Yes that is a SiRcom siren, but here’s where things get interesting. In the process of researching this stuff something hit me... SiRcom didn't have a USA website until very recently! The question is how in the world they they land in the US. Here's another curve-ball, this system is in a testimonial on Eaton’s website… weird. I started searching for more and I came across one other SiRcom siren; however I also found a number of “SiRcom” sirens with Atlas 100 watt speakers. Things just got kind of strange.
Untitled96.png (200.41 KiB) Viewed 963 times
https://www.google.com/maps/@38.8895497 ... 312!8i6656
Untitled97.png (204.09 KiB) Viewed 963 times
https://www.google.com/maps/@38.8947148 ... 312!8i6656

Upon farther searching it turns out that this system was installed by MadahCom, which was the owner of the WAVES brand prior to Cooper Safety buying them out. A jazz hands routine on Google later and I found an auction of a MadahCom siren. Lo and behold it was a MadahCom branded SiRcom siren! Apparently the SiRcom logic board is compatible with the WAVES IP transceiver. Interestingly enough the radio itself is branded Cooper, so this thing must have been made around the time Cooper bought the company out.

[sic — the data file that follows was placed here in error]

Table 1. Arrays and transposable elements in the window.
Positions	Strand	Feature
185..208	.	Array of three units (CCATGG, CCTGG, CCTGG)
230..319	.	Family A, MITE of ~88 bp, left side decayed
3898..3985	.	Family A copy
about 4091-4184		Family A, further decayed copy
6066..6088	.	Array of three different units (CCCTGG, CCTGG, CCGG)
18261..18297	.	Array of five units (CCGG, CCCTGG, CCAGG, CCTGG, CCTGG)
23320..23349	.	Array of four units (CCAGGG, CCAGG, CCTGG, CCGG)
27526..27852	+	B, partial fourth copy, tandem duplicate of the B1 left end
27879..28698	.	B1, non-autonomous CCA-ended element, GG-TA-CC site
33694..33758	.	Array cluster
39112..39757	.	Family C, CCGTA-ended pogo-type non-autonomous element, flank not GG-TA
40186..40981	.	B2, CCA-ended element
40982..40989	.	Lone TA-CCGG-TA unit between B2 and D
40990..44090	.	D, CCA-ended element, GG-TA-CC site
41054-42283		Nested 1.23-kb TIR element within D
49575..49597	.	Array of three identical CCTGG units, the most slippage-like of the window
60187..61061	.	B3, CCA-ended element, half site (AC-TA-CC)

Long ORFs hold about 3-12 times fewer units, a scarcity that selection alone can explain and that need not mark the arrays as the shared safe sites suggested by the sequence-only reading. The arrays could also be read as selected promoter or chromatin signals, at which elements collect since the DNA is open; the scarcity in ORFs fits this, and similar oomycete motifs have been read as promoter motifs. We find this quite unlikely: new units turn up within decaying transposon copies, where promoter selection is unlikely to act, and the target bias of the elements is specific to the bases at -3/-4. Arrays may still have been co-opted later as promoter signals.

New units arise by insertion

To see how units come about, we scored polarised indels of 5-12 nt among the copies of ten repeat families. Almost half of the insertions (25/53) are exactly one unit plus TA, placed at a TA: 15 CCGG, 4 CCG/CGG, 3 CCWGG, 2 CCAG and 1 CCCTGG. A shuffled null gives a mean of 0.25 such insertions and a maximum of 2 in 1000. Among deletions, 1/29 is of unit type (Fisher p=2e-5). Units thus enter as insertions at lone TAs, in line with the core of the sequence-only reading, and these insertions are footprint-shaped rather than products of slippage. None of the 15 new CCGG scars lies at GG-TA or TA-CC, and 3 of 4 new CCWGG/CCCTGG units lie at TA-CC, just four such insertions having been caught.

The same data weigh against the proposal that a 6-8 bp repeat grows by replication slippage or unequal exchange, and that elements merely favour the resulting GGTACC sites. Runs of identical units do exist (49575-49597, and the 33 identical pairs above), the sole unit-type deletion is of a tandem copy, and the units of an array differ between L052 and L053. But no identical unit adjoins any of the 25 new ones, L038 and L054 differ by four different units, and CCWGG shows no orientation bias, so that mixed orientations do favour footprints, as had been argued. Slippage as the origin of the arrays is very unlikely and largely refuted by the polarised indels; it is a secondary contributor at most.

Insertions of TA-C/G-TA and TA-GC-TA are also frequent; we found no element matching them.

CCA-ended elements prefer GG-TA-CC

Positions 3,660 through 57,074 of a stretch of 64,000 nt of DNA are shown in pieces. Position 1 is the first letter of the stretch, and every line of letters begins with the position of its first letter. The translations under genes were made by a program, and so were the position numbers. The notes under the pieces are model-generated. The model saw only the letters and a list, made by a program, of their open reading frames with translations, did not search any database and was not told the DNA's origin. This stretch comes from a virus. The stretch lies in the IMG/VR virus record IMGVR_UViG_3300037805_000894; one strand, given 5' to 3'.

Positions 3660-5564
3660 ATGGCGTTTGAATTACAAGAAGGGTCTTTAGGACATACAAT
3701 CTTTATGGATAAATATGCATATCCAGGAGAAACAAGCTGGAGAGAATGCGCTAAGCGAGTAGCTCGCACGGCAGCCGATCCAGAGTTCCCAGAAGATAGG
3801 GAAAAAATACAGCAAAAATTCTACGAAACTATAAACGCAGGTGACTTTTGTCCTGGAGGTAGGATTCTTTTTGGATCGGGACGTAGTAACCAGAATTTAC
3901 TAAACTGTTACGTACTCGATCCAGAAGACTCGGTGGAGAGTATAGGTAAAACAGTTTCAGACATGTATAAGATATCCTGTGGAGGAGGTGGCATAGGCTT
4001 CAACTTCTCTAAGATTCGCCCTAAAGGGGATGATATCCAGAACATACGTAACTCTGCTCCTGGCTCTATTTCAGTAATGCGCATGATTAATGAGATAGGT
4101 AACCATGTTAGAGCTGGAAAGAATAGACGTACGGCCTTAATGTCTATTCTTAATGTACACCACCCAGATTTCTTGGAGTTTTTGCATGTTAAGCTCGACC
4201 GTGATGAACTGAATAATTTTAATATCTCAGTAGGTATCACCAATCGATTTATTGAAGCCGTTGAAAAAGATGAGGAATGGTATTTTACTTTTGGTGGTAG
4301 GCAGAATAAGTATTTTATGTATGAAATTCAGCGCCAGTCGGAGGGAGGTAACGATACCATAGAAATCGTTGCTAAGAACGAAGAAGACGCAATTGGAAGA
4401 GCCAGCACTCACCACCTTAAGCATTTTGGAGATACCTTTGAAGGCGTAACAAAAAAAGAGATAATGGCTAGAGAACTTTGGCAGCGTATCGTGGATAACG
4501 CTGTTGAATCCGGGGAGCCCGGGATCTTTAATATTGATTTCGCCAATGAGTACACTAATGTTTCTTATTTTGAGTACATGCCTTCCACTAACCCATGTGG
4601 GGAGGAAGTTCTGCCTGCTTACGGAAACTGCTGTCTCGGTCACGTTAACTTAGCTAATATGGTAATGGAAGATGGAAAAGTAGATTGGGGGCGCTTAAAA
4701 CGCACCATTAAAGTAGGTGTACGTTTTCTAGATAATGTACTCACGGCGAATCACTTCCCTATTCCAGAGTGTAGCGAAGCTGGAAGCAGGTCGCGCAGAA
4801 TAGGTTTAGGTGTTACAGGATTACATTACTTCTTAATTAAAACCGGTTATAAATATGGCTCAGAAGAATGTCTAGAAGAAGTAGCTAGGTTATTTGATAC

https://www.bidspotter.co.uk/en-gb/auct ... 0500dfa97b



Now, even more curious, I did some Googling and came across a few links and one of SiRcom's case studies. Sure enough MadahCom partnered with them for sirens. These are some random links on some shipment information. The bottom one is a link to the case study PDF.